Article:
VIX gained a bit (about 8%) last week as the S&P 500 was under pressure. The curve shifted in a pretty uniform manner with March adding just over 3% as contango was fairly steep on Friday the 9th. As a friendly reminder, March contracts settle on the open this coming week.
Short volatility has gotten bad rap lately due to recent price action. However, short volatility, when done in a risk controlled manner, can be a viable trading strategy all types of markets. Late Wednesday, when VIX and the April future were both around 17.25 a buyer of the standard VIX Apr 18 Puts paid 2.65 for a few hundred contracts. I know I usually get a little more exotic in this space with the trades, but sometimes it’s OK to talk about the basic strategies.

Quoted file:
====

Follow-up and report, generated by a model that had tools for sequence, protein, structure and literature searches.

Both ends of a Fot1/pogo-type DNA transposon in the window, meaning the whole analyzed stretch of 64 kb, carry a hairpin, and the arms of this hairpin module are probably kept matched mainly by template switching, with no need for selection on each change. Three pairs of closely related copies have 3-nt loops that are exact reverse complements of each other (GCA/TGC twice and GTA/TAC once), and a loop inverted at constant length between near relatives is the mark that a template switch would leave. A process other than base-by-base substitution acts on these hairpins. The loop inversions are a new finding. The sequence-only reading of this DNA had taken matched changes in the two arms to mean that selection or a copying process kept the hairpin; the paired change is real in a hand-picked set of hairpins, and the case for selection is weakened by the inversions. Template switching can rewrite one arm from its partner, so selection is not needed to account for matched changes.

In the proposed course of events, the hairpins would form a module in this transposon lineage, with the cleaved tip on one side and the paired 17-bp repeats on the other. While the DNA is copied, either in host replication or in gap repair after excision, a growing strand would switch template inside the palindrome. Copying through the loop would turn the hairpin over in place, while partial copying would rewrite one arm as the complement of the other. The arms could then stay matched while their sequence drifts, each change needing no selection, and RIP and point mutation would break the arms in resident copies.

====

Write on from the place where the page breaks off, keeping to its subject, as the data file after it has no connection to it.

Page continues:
The payout above is based on holding through April settlement on the morning of the 18th. The break even for this trade is 15.35, just a bit below where VIX finished the week. However, what I want to point out is the right side of the payoff diagram, which of course is not where a put buyer wants the underlying market to go. At any level over 18.00 these options expire with no value. The point here is that the maximum loss is known, regardless of what VIX does.
VIX has historically had asymmetric price action where the moves to the upside have a lot more momentum that price drops. Of the one hundred biggest one-day price moves in VIX, only eighteen were moves to the downside. In fact, VIX has never dropped more than 30% in a single day, but has rallied more than 30% in history. The point is VIX can move fast to the upside and when short volatility, please please please, use some risk control.